I suppose this is why my haibun tend to read more like prose poems. Most of them actually start with the haiku, which tend to be pretty straightforward and traditional. I then write a prose poem piece that goes in a completely different direction. I often think of the prose piece as fictional process notes.
Sometimes I think I might just revise the haiku out completely and let the prose stand alone, but for now I like the way the haiku contrasts with the prose and grounds the charge, bringing things back to Earth. This Earth anyway.
Savage calculations based on the positions of a thousand stars determined the shape of his prayers. Warped triangles, sometimes square-bottomed pyramids with eighteen sides. Once a dodecahedron, but that was when he was drunk and homesick and working through some things. On a roadside one night, he stopped where a vulture’s dark remains were pressed into those of a squirrel killed a few hours earlier. The edges of feathers that escaped wheels fluttered in the small hurricanes of passing trucks. This squirrel-vulture creature, its greasy form pressed into an asphalt shadow and branded by the ridges of a dozen tires, was something new. There was no shape for this awful smash-boned prayer he knew he must say. Dazed and lost, he placed his hands on the cooling pavement. He released all his body’s weight. He said his mass and counted it down to zero. He followed the escaping heat out of the atmosphere, rode the highway’s shimmering prayer and carried them home.
After a few days under the grackle tree, the blue sedan began to develop a white pox, which spread with each passing night. The automedics shook their heads in grim certainty, fully aware of the limits of their training and skill. Eventually, it was decided that the problem was environmental, and men with shotguns came and took determined aim into the trees before firing blanks into the upper boughs. Sometimes the grackles would scatter at the sound, flying off to local birdbaths where they would clean up before returning to their usual roost. The men, satisfied, moved down the street where they would take shots at the starling tree, pigeon tree, and a supposed second grackle tree that legend had it was located somewhere south of 16th Street. Despite the diligence of the men, though, the grackles always returned, and the slow infection of the blue sedan continued. After a month, no one remembered what color the car had been, and no one ever discussed its owners and what became of them.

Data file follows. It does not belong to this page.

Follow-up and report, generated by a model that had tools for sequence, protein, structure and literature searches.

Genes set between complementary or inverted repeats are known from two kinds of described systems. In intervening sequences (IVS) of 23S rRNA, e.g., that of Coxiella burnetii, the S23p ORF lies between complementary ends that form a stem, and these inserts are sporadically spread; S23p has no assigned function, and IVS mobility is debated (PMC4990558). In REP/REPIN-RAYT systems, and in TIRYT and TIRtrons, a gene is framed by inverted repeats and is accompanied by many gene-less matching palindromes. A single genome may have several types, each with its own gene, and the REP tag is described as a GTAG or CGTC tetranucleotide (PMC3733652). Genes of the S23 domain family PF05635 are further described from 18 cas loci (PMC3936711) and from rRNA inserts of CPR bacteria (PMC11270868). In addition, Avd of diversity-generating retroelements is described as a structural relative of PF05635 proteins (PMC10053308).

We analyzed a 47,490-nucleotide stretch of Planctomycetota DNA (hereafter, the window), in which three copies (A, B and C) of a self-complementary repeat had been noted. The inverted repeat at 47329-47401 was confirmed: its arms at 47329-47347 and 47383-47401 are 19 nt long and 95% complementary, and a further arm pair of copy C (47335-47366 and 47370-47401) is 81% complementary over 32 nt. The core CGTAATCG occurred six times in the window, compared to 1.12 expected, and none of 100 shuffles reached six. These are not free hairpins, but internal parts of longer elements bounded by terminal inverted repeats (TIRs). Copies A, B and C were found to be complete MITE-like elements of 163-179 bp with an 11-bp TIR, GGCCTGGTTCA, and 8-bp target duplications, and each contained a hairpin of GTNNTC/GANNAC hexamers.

boughs shake and chatter
at the cars
I’ve got 2 prose poems up at Poem2day. They are “Portsmouth, 1988″ and “Newport, 1990.” Go have a read and while you’re at it, check out “River Water” by Angie Werren, which is also there and how I learned about the site, so h/t Angie.
There’s a swagger in the way the cattle egret walks across the fields of this fenced frontier, wingtips looped into his belt buckle. He won’t talk much at first, but if you get him going he’ll spin stories like country songs—beer drinkin’, cloaca kickin’ and trains beyond the horizon. He’ll tell of blue northers ripping down the plains and the time he lit a fire under a mule that hadn’t moved in two days. He waits while you imagine what a burning mule would smell like and then tells how the mule just moved over a couple feet from the fire and stayed put another two days before movin’ on. Usually, though, he just stares out past the longhorns, dreaming lonely dreams from another time. Maybe he even writes a song or two about the rough and tumble old birds of the past. In the evening, after a long day picking bugs off the backs of settled cows, he sends demos to Nashville and Austin hoping he’ll make it big someday.
the cattle egrets fly off
into the sunset